galacticpinkHobbyist Digital Artist
What is the average pack size for wild packs? Can't seem to find that and I'm really curious! Thanks! :heart:
halohte's avatar
halohteHobbyist General Artist
I'd feel like it's somewhat like a wolf, where it depends on food availability, health of the pack in general, and how much the individuals within breed, as well as the morality rate of the pups and how many pups are born in each litter. I'd say anywhere from as low as like 5-8 to somewhere as high as even like 20-30 ish. But it can be determined by members themselves how many members they decide to put in packs.
Mystic-Breakthrough's avatar
Mystic-BreakthroughHobbyist Digital Artist
Since Akotas are considered to be on an alpha level, does that mean they are automatically granted the roll bonuses that are associated with exploring/caving/diving for dom and alpha tokotas?
Islua's avatar
IsluaHobbyist General Artist
If the thumb is not in the image we may wish for Akota to be listed, but yes, they are.
ShizukaDesu's avatar
ShizukaDesuHobbyist Digital Artist
Just thinking about having a “short” Akota at my room. 
omg the size OMG - Watch that 
Mystic-Breakthrough's avatar
Mystic-BreakthroughHobbyist Digital Artist
Can Akotas rear on their hind legs like bears do? If so, are they restricted to just sort of shuffling forward or are they able to pull off a moderately effective walk?
NorthPaws's avatar
NorthPawsHobbyist Digital Artist
They most certainly can rear! They're pretty tall and scary when they do so, so stand back for your own safety, please :o

I'm not sure exactly how good they'd be at walking/shuffling on their hind legs, but I personally imagine it would be about the same proficiency as a bear - they can manage it, but walking on 4 legs is just more comfy and preferable :)
Mystic-Breakthrough's avatar
Mystic-BreakthroughHobbyist Digital Artist
Oh man, big tall scary boofs then! 0: I'm definitely gonna have to play with this idea, thank you! <3
XSilentStatic's avatar
XSilentStaticHobbyist Digital Artist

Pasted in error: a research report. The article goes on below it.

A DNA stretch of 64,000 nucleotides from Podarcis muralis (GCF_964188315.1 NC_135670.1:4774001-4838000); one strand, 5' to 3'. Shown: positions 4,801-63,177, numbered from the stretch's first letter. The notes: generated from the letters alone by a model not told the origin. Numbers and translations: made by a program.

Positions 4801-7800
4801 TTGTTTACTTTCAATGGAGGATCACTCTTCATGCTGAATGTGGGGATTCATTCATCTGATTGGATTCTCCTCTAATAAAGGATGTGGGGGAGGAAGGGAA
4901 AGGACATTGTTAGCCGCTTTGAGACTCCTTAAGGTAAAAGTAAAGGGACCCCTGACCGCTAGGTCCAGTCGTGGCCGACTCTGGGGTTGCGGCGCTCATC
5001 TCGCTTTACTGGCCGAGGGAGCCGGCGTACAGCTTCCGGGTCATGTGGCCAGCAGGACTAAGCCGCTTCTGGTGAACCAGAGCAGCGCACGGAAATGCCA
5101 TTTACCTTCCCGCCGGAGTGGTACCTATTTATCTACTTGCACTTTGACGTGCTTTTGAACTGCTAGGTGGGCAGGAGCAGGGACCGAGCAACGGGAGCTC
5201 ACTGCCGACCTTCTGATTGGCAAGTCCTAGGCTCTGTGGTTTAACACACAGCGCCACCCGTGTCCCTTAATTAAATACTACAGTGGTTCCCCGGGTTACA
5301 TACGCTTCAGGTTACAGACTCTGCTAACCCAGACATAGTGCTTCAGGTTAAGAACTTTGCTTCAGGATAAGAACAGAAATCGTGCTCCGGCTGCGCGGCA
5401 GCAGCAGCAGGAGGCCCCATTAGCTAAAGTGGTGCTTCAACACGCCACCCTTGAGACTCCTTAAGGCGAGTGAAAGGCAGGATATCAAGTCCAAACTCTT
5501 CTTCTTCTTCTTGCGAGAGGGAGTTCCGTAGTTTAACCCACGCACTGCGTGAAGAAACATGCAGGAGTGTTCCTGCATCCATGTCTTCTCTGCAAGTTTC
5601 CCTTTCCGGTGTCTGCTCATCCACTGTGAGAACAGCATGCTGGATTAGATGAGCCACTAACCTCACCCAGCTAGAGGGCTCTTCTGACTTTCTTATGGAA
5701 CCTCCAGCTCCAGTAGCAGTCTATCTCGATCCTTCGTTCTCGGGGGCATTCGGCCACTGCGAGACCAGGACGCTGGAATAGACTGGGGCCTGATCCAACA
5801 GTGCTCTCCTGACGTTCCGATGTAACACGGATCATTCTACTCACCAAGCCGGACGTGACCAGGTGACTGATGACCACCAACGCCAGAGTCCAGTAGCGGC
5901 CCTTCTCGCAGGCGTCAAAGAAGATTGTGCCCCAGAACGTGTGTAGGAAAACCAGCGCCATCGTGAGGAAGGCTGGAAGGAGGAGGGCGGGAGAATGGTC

Can Tokotas die in the game? If so, are they still able to be a personal oc, but are no longer able to participate in the game? Or can they not be used at all?
SpectacularCanines's avatar
SpectacularCaninesHobbyist Digital Artist
How long do tokotas live? how quickly do they mature? Most dogs finish maturation at 2 but then again tokotas are like quadruple any dog in size
Alexavier870's avatar
Alexavier870Hobbyist Digital Artist
What's the difference of a 25% dire from a 50% and a 100%? If the genotype says they're a dire regardless of the percentage they'll all end up looking like dires still right..?
Keksefuzzy's avatar
KeksefuzzyProfessional Writer
Yes, they look the same. The percentage is for breeding purposes. The higher the percentage, the more likely the pups will be dires.
KaraSkakalac's avatar
KaraSkakalacStudent Digital Artist
The only really difference is in breeding as far as I can tell :) They will all be on the dire import regardless of the percentage. 
Flora-Tea's avatar
Flora-TeaProfessional Digital Artist
I'm a little confused about something related to this species. What about this species makes them more related to bears than wolves/dogs? The only time this seems to be justified is with the "Akota Build". Otherwise, these guys are just big wolf-dogs with manes, aren't they? Confused 
sercreepz's avatar
sercreepzStudent General Artist
Maybe these could be part of the extinct Hemicyoninae subfamily which belons to Ursidae? It coud fit the lore that one genus (Canarctos) and its species managed to survive in North America, since there are also mammoths and smilodons in the game from prehistoric times.

The subfamily is called "dog-bears". And aren't Tokotas just that? ;) 

Hemicyon by suthnmeh
DOSHLORD's avatar
DOSHLORDHobbyist Digital Artist
Actually, if I recall correctly, dog-bears were there own family, separate from both canidae and ursidae in the same way that amphicyonidae is.
suthnmeh's avatar
suthnmehProfessional General Artist
Haha that's pretty cool XD Interesting species. And thanks for the mention!
cooki3wolf3's avatar
cooki3wolf3Hobbyist General Artist
Does anyone have a doki?
foxiana321's avatar
foxiana321Hobbyist Digital Artist
Doki doki
anonymous's avatar